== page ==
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Viral TikTok Of Pregnant Woman In Labor Trying To Explain Why She Isn't Coming To Work Says It All

@mpmoney27/TikTok

A woman in active labor posted a TikTok video of herself having additional anxiety over sending a text explaining to her boss why she was calling out sick.

The video, which reached 5 million viewers, shed some light on the harsh reality of what's expected of women and working mothers.

Marissa Peirce, a.k.a. @mpmoney27 on TikTok, captioned her video post with, "labor is stressful, calling out is even more stressful."


@mpmoney27

labor is stressful, calling out is even more stressful #pregnancy #birth


In the video, Peirce is seen laying in the hospital bed and reading aloud the message she was about to send to her boss.

"I am in labor. I just got admitted to the hospital — smiley face. Would it be OK if my mom or brother picked up my paycheck tomorrow — question mark."

She then turns to face the person filming her for approval, and he lets her know the message is "perfect."

What followed were sarcastic responses her boss might say, suggesting that working moms are all too often expected to meet unreasonable demands.

@mpmoney27/TikTok

@mpmoney27/TikTok

@mpmoney27/TikTok

@mpmoney27/TikTok


With the exception of some states, most Americans working for a company with fewer than 50 employees are not legally required to offer paid or unpaid maternity leave so that women can take care of a newborn and recover from childbirth.

According to a study done by the National Partnership For Men & Women, current laws disproportionately impact minorities and women with low income who couldn't afford to take unpaid leave even if they qualified.

Peirce's situation led others to lash out at a country-specific workforce problem.

@mpmoney27/TikTok

@mpmoney27/TikTok


@mpmoney27/TikTok

@mpmoney27/TikTok

Others came forward with their stories.


@mpmoney27/TikTok

@mpmoney27/TikTok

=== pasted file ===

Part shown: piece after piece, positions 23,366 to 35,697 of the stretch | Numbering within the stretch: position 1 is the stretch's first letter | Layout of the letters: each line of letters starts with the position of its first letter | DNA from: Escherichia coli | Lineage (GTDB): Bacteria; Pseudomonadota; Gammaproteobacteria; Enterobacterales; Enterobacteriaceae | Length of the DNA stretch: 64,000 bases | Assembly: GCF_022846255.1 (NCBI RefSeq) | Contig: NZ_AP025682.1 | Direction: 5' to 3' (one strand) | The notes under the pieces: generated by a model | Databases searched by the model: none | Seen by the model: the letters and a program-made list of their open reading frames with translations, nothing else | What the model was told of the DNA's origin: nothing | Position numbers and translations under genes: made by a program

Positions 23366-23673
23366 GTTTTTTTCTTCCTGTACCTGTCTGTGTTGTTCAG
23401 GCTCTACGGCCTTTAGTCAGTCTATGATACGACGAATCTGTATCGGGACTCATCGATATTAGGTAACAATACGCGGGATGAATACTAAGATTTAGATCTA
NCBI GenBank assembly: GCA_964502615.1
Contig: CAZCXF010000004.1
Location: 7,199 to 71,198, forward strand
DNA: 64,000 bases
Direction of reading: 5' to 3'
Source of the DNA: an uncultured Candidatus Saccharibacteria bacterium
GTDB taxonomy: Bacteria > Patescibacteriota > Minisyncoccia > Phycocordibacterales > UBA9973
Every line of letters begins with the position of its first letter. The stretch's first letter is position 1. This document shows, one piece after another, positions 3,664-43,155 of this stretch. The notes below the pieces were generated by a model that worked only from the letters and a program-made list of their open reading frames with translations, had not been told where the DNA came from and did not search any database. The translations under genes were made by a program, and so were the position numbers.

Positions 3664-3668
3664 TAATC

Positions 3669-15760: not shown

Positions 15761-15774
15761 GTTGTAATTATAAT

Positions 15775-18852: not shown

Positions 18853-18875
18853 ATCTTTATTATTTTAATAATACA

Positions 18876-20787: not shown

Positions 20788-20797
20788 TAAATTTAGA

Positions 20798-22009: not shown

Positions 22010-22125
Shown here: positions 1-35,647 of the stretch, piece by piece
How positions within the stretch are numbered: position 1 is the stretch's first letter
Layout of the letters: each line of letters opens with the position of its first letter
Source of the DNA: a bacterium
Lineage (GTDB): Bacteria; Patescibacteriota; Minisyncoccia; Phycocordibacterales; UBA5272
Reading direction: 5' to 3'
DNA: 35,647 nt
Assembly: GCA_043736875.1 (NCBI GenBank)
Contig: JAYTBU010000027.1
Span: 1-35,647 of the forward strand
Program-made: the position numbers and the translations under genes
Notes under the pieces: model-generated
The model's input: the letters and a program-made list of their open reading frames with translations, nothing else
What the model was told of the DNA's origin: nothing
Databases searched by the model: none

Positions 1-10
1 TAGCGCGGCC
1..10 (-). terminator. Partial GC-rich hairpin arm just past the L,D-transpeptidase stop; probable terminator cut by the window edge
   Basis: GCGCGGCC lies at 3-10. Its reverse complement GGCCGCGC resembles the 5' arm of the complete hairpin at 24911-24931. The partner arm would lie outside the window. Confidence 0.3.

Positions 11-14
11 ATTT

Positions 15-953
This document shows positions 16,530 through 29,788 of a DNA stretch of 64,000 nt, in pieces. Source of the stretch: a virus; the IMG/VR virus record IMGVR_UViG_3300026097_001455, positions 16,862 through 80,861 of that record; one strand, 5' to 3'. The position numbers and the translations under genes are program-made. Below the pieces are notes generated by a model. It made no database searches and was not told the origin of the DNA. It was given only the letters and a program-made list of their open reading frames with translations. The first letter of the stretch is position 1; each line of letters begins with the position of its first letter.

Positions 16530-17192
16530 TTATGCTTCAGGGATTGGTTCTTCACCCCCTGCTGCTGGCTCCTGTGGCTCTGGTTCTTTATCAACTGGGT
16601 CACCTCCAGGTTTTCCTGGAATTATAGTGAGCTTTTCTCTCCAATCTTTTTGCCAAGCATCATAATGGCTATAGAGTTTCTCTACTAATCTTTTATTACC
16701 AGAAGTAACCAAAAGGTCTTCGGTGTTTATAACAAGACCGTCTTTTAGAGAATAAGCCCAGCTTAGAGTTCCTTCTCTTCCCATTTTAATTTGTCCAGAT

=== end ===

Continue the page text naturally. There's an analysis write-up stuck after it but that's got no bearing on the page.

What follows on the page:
@mpmoney27/TikTok

@mpmoney27/TikTok




Buzzfeed News spoke to Peirce, who said the video was taken from last July when she gave birth to her and her boyfriend's first son, Chris.

She recalled the early morning she went into labor on the day she was supposed to start her shift at a drive-thru coffee shop, where she still works today.

"I went into labor at 2 a.m. on a day that I was scheduled to work at 10 a.m. I was overthinking this text message to my boss mainly because I have anxiety."
"I was a week and a half from my due date, so I was a little early for a first-time mom and no one really expected me to go into labor."

She said she knew her boss would be understanding of the situation, but that didn't prevent her from panicking.

"I was a young parent, giving birth in a hospital in the middle of the pandemic — a week and a half early. Having to call out of work was the cherry on top for my anxiety."

Peirce empathized with commenters who went through similar situations and were not granted parental leave.

"I am extremely disappointed in the United States’ lack of maternity and paternity leave. Most people that I know worked up until they went into labor, like I did."
"I know people who have gone back to work just weeks after having children. I was unfortunately offered no maternity leave and my partner was offered no paternity leave. He went to work less than 24 hours after we came home from the hospital."

Despite not getting maternity or paternity leave, Peirce was still grateful her boss and coworkers were able to cover her shift while she was in labor.